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Mario Monti is working through Italy's debt crisis. Is the US watching?

Italy may find Prime Minister Mario Monti's dose of discipline hard to swallow, but his depoliticized democracy is the only form of government that can move Italy forward. Monti's experiment may also serve as an antidote to the political dysfunction in the West – especially the US.

By Nathan Gardels / February 2, 2012

Italian Prime Minister Mario Monti speaks at a media conference after an EU summit in Brussels Jan. 30. Mr. Monti has canceled decades of regulations that blocked bakeries from opening on holidays – a decree that has come to symbolize his bid to carry out a bold modernization to jump start the Italian economy.

AP Photo/Thierry Charlier, File



Making my way from Milan to Rome in recent days, I experienced firsthand the rancorous process under way to deleverage Italy’s sovereign debt and impose more competitive habits on the languorous rhythms of this Mediterranean culture.

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Angry truckers blocked the main highways, drivers left their taxis standing, and most trains were canceled. Students scrawled anti-austerity slogans across peeling, ocher-colored walls. Surly shopkeepers only brightened at the sight of mid-winter gaggles of Chinese tourists.

All the strikes and animosity took aim at the reforms proposed by the “un-democratic” government of Italian Prime Minister Mario Monti and his so-called technocratic cabinet – even as he was hectoring German Chancellor Angela Merkel to loosen up Germany’s fiscal authoritarianism and allow some breathing room for growth in the eurozone. Because elected politicians couldn’t get their act together, Mr. Monti was appointed by President Giorgio Napolitano late last year to formulate and implement key structural reforms before a new election takes place in 2013.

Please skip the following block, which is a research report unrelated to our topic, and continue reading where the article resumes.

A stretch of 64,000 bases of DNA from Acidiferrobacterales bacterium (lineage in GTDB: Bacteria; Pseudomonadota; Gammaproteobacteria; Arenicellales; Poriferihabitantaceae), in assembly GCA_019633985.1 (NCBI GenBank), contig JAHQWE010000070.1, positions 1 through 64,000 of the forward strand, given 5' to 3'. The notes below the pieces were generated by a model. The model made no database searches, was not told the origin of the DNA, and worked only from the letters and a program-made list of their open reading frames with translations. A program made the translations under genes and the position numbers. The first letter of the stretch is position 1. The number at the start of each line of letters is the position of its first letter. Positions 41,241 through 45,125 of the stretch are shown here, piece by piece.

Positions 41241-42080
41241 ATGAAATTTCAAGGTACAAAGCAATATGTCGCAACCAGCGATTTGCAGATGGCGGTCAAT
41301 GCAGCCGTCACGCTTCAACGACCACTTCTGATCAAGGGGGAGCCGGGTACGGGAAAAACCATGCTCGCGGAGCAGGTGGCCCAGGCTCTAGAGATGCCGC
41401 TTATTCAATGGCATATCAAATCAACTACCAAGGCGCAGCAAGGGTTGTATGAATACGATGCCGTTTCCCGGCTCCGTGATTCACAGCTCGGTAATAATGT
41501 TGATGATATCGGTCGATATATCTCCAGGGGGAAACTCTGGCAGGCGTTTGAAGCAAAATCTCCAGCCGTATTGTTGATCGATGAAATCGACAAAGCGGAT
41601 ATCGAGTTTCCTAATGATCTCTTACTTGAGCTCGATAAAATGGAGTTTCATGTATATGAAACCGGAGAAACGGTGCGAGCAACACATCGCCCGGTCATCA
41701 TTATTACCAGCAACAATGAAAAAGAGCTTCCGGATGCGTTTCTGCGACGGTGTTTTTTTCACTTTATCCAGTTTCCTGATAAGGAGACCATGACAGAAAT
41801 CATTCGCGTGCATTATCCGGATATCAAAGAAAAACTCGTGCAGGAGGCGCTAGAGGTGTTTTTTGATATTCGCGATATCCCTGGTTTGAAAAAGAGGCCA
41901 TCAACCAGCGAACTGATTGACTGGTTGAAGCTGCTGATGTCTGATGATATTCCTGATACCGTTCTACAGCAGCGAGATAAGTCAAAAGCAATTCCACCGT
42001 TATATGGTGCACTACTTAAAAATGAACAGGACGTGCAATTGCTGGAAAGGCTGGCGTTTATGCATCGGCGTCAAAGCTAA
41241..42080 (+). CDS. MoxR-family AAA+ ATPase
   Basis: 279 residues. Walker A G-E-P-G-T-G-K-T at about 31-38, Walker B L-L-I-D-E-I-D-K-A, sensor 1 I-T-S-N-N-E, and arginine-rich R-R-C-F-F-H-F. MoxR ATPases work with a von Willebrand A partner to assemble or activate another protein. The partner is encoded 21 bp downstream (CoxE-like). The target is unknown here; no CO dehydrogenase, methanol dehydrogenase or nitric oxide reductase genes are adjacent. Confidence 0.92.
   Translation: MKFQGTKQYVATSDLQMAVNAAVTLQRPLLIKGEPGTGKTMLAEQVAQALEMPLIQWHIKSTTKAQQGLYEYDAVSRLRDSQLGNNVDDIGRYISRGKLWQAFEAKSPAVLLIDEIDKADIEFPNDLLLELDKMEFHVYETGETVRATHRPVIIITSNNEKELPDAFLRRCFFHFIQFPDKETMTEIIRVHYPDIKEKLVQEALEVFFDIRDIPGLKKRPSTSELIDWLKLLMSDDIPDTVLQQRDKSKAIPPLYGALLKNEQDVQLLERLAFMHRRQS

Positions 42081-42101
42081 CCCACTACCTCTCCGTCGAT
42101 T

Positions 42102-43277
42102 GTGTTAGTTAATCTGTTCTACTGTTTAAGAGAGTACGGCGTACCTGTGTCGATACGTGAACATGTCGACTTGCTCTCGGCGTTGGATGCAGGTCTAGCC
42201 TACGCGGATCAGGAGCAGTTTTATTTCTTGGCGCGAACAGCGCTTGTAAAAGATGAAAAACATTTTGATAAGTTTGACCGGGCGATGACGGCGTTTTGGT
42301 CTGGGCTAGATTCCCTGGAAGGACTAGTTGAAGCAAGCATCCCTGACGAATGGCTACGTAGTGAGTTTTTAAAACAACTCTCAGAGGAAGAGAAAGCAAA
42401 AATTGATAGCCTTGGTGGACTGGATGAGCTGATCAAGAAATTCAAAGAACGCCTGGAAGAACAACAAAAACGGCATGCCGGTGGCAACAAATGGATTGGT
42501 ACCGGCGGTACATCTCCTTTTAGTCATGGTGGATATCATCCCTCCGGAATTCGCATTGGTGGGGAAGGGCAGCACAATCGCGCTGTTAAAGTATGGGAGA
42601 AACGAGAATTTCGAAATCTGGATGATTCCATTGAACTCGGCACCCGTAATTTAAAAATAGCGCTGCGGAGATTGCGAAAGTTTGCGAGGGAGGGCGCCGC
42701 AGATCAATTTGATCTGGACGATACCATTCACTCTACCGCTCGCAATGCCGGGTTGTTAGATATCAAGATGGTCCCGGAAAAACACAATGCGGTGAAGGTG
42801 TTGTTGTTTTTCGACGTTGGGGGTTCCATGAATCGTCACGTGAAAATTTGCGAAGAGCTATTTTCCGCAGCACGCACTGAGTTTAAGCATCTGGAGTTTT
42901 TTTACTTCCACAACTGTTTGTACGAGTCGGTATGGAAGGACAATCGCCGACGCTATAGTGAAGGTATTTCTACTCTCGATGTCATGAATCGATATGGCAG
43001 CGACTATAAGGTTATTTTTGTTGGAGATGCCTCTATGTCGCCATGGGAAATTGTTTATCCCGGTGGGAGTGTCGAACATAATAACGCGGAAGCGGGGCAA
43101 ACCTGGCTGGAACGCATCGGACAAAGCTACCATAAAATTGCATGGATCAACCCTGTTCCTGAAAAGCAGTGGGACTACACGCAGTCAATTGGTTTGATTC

Alas, the protesters have the wrong target in their sights. Italy got into its mess not because of too little democracy, but too much of a decayed form of governance. Italian electoral democracy – like that in the US – is so politicized along partisan lines that it became dysfunctional and wholly incapable of meeting the tough challenges facing the country.

Monti, whose fair-minded wisdom and long experience as a European commissioner make him more a meritocrat than a technocrat, is certainly right when he declares that “the absence of political personalities in the government will help rather than hinder a solid base of support” for reform. He understands that Italian democracy, like American democracy, has become a “vetocracy,” to use a phrase coined by American political scientist Francis Fukuyama.

In a vetocracy, elected politicians are so captured by short-term populist sentiment and organized special interests that the mere formulation of a policy that seeks compromise for the long-term common good is eviscerated by the parties in play even before it can be put to a vote in parliament. Any bill that gets through is so shorn of substance as to be meaningless. So what remains is the status quo.

In his seminal “The Rise and Decline of Nations,” the social scientist Mancur Olson described how this powerful accretion of organized interests in democracies over time has dragged down states time and again because it inevitably produces unsustainable deficits and drains an economy of vigor by protecting “rent-seeking” cartels.

THE MONITOR'S VIEW: Europe’s big question

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